The Reformation and Music: Music is Next to Theology (Part 3)
Today, we will continue to see how the church’s view has changed since the Reformation in 2 particular areas.
How music and worship has changed today
Music above theology
While many would propound Luther’s saying that “music is next to theology”, what they likely mean in effect is that music – not the theology put to music – is key. This phrase has taken on a new meaning of putting music on par with theology. But nothing should be thought to be on par with God’s Word. The Reformers emphasized sound theological music which served a didactic purpose. God never intended the church to entertain, but to edify, “Let the word of Christ dwell in you richly in all wisdom; teaching and admonishing one another in psalms and hymns and spiritual songs, singing with grace in your hearts to the Lord” (Col 3:16). And Biblical edification is always and only when the mind is engaged with understanding. However, the highly popular Christian genre known as Contemporary Christian Music (CCM) today features songs that are often shallow or even unsound in theology. Repetitive phrases and words leads the mind to a trance like state rather than to a conscious understanding of Biblical doctrines. Moreover, the focus of the songs is often man-centred. Unlike the Reformation, the focus today is predominantly on music as a form of entertainment. Sadly, in CCM, it would seem that music component is the typical focus rather than the theology. Most worshipers are drawn more to the music itself. You can tell from the fact that tunes of hymns are often replaced with contemporary pop style compositions.
Concert rather than worship
In many churches today, performers and their instruments take centre stage, like in a concert. The pulpit is often moved to the side of the stage to make space for the singers perform in the centre instead. While the audience (ie, the congregation) may enjoy the music being performed and perhaps still sing along, there is little doubt who is the spectator and who is the singer. Music is about providing the right “atmosphere” so that one can have that emotional “encounter with God” as part of the “worship experience”. With such a desire in worship music, Reformation hymns and hymnbooks are naturally considered dated. Unless the music style is contemporary in jazz, pop, rock, sentimental ballad style, it will be labelled as boring. An ever- new, ever-changing variety of songs is now projected on screens. With uplifted hands and dancing, the congregation sings, not to bless God, but to receive a “blessing” from God in this “worship encounter”. The Reformation spirit in music was to draw attention to God, but CCM today draws more attention to the music, the instruments used, and the performers. People are drawn primarily to the ear-pleasing music, rather than to the Biblical richness of the words.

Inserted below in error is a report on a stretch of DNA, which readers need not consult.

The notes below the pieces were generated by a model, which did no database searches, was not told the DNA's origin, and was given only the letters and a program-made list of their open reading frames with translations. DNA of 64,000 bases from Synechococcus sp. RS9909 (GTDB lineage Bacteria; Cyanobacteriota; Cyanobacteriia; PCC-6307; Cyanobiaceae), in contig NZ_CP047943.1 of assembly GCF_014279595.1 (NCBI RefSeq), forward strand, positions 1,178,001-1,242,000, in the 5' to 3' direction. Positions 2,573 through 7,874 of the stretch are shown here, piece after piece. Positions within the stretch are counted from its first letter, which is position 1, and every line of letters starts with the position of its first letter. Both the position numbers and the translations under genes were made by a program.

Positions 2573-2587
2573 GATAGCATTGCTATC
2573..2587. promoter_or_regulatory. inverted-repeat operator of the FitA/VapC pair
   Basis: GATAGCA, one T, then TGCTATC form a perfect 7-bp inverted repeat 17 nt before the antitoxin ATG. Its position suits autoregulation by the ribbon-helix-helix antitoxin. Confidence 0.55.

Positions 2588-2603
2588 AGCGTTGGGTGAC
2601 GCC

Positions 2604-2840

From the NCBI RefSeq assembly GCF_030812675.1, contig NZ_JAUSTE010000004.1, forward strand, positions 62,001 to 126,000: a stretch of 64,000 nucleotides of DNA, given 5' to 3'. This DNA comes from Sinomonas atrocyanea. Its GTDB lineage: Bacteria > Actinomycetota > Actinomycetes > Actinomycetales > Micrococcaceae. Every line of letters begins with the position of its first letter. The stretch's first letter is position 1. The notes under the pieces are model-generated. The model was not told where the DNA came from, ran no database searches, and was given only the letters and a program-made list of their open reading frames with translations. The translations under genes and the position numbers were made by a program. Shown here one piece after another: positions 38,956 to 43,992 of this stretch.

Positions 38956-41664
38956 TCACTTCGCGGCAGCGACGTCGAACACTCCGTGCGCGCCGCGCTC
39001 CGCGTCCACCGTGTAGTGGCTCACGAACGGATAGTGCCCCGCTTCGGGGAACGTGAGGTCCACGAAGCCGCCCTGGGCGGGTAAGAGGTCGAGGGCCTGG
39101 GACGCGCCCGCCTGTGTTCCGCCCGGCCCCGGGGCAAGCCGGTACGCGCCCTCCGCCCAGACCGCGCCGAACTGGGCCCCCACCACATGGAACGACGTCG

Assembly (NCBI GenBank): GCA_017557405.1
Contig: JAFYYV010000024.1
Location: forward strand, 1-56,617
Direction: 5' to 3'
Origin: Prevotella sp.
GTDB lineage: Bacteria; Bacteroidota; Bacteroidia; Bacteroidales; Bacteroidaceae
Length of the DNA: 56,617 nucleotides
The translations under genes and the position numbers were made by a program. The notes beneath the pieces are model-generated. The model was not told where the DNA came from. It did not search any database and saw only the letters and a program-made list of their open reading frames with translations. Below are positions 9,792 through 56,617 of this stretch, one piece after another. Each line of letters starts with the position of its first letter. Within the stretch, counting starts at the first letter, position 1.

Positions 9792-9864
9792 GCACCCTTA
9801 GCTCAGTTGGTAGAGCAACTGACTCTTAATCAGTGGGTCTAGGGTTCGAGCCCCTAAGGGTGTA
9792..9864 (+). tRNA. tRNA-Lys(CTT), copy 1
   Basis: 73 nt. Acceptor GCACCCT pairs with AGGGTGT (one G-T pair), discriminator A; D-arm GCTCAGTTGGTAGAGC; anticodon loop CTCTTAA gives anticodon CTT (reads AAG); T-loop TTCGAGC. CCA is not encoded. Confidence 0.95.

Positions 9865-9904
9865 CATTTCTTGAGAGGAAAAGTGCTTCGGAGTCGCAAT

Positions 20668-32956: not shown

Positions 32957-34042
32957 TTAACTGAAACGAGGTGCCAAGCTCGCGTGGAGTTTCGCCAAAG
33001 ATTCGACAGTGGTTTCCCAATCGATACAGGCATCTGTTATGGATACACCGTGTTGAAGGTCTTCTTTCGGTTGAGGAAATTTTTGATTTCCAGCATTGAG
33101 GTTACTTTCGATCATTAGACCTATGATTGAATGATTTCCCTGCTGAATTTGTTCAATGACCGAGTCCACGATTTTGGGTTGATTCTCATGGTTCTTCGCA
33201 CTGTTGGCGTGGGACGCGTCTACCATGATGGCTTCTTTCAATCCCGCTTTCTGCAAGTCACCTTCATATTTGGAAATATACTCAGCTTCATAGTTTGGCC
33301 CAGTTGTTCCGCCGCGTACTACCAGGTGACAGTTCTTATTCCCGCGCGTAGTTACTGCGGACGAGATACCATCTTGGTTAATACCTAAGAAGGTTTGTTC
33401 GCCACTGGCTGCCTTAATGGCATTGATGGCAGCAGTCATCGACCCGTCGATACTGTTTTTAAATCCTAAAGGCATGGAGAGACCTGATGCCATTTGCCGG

There is a lesson here for all of us. As worshippers, let us always remember to focus our minds and attentions on the words of the hymn that will serve to teach and edify us. Let us not allow our hearts to be drawn away and captivated by the music. Let us not seek to have music simply because “we like the tunes”. Musicians must remember that music is secondary to the words of the hymn. Let not the desire for “interesting” arrangements or the expression of one’s musical or technical ability distract the congregation from the undivided worship of God. God alone must be worshipped. Worshippers who enjoy CCM music styles will always be striving against leaders and musicians who desire to keep the church’s music sound. They will seek to wear down the defence of leaders little by little. And the usual avenues to introduce CCM is through the fellowship groups and musical items. What the younger people get used to in their fellowship groups will become the future of that church’s music. Here is where the prevention begins before it is too late. And to do so, it is not sufficient for the leaders alone to be against CCM, but we must all be personally convicted and stand together against it making inroads into BPCWA.
Yours in our Lord’s service